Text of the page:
They say that dog is a man’s best friend. Just like best friends, people tend to do daily activities together with their dogs, such as jogging, strolling in the park, and even eating the same meal with them. Little do pet owners know, the some foods that they eat can actually be harmful to the health of their canine companion. Likewise, some of the foods people eat can be harmful to cats as well.

Here is a list of the most common “people foods” that should not be fed to pet dogs or cats:

Chocolate and Cocoa. Chocolate, while delicious to people, can be deadly to cats and dogs. The culprit in chocolate is the compound theobromine. Dark chocolate generally has higher levels of theobromine than milk chocolate, and unsweetened chocolate is higher still. An alternative to chocolate that is safe for cats and dogs is carob. Some pet food companies have created treats that contain carob, which has a flavor similar to chocolate.

Caffeine. Coffee, tea, colas and other beverages that contain caffeine can increase a cat or dog’s breathing and heart rate and can even be fatal.

Xylitol. Pet owners may be unwittingly giving their dogs this ingredient when they feed them candy, gum, toothpaste or baked goods. Such foods may be sweetened with xylitol, which can cause an increase in the dog’s insulin, leading to a drastic drop in the dog’s blood sugar. Vomiting, lethargy, and loss of coordination are initial symptoms but eventually, the dog may have seizures and within just a few days, liver failure may occur.

Milk and other dairy. In the hot weather of the Philippines, people may be tempted to share their ice cream with their dogs or cats. However most adult pets are lactose intolerance, so milk and other dairy-based products can cause digestive upset and diarrhea.

Alcohol. Irresponsible dog owners think it is funny to see a dog intoxicated. But alcohol affects dogs and cats in the same way it affects their owners, except with more severity and at much smaller doses. It only takes 2 teaspoons of whisky to cause a coma in a 5 pound cat. One more teaspoon could be fatal. Be a responsible, humane pet owner and keep your pets away from alcohol.

Fatty and Raw or Undercooked Meat. Like humans, dogs and cats can become obese with a steady diet of fatty food. Moreover, dogs and cats can suffer pancreatitis, a painful swelling of the pancreas. Plus raw meat can contain bacteria such as Salmonella and E. coli that can be harmful to people and pets. Feeding your pet bones might cause choking or injury to a pet’s digestive tract should the bone splinter.

Garlic and Onions. While these add flavor to every dish, garlic and onions in any form can cause various problems for a dog. Onions if eaten in sufficient quantities – regardless of whether it is fresh, dried, powdered or cooked –can result in anemia by causing blood cells to break down. Even in smaller quantities, garlic and onions cause gastrointestinal irritation. Since most Filipinos cook their food with these ingredients, it is important to avoid feeding table scraps and leftovers to dogs and cats.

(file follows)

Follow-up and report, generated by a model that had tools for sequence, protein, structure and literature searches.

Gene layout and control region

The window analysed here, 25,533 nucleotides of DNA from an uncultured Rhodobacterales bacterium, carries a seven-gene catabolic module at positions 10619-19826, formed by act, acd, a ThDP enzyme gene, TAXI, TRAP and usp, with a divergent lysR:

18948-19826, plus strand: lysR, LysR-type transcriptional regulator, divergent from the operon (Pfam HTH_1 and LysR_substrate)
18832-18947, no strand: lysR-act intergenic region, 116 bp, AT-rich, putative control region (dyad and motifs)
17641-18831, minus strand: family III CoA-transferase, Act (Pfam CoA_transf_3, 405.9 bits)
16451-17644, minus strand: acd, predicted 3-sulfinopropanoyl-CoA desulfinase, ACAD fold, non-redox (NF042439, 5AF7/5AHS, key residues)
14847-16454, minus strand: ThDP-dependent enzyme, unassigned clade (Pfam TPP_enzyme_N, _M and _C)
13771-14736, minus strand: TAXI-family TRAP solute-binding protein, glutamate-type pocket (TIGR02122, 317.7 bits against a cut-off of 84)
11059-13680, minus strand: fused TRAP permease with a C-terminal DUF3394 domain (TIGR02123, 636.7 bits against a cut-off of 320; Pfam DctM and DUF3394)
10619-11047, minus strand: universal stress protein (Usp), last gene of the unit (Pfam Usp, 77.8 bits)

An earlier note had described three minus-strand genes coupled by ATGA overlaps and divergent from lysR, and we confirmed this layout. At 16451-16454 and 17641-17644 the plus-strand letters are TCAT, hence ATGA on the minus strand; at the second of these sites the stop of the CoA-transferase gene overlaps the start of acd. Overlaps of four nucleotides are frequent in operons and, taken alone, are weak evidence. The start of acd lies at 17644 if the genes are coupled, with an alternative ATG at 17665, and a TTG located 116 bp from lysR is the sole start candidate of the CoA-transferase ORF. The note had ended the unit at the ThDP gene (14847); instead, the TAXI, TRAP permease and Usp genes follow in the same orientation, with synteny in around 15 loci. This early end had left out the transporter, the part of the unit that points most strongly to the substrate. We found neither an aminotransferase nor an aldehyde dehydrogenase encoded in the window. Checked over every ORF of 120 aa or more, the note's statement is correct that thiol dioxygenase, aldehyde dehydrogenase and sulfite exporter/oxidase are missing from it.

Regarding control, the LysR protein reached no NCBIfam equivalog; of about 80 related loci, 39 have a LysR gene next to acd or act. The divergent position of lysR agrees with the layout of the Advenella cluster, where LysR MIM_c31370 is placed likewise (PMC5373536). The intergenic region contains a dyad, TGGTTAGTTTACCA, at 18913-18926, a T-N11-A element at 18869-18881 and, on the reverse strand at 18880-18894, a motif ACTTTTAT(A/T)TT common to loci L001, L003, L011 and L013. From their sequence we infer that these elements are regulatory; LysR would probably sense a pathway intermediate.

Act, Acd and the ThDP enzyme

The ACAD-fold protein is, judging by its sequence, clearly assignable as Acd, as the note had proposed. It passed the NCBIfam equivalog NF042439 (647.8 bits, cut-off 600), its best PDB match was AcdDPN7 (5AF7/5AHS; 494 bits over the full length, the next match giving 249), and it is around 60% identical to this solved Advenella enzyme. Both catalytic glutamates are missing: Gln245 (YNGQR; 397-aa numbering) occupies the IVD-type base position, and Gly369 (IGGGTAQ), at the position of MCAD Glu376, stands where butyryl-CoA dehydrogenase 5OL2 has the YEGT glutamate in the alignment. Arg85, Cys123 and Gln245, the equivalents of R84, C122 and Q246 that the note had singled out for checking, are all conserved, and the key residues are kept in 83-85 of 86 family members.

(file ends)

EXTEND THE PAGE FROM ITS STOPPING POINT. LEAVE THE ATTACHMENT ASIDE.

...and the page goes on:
Grapes and Raisins. Even though cats and dogs may enjoy them, grapes and raisins should not be fed to pets. It is not understood exactly how, but grapes and raisins cause potentially life threatening illness in cats and dogs, kidney failure.

There are many other foods that are safe for humans but that may not be ideal for a pet’s consumption. The Pet Food Institute (PFI), the U.S. trade association for the makers of cat and dog food, strongly advises Filipino dog lovers against feeding table scraps and other foods that people eat to dogs and cats.

“By feeding table scraps and leftovers, pet owners take a chance on their pet’s health and quality of life,” says Kurt Gallagher, Director, Communications and Export Development, Pet Food Institute. “Table scraps and leftovers deprive pets of a nutritionally-balanced diet and may endanger a pet’s health.”

Complete and balanced commercial pet food is widely available in the Philippine market, and most veterinarians agree that this is the safer option to homemade pet food or table scraps. Pet owners may think they are saving money by feeding their dog or cat leftovers, but the risk of losing a beloved pet from disease or poisoning from feeding inappropriate food is much too high a price to pay.

Pet owners today have a tremendous choice of products, including canned, dry and semi-moist to meet a wide variety of nutritional needs at competitive price points. With decades of scientific research behind every commercially produced pet food product made in the United States, pet owners can be assured of providing the proper nutrition for their pets.

Responsible pet owners should understand that their pet’s good health and happy disposition are dependent on good nourishment, exercise, grooming, and regular visits to the veterinarian. For more information on PFI and proper pet nutrition, visit www.petfoodinstitute.org.

Disclaimer: This post is an official Press Release by Pet Food Institute. The author of this blog is not responsible to any of the content above.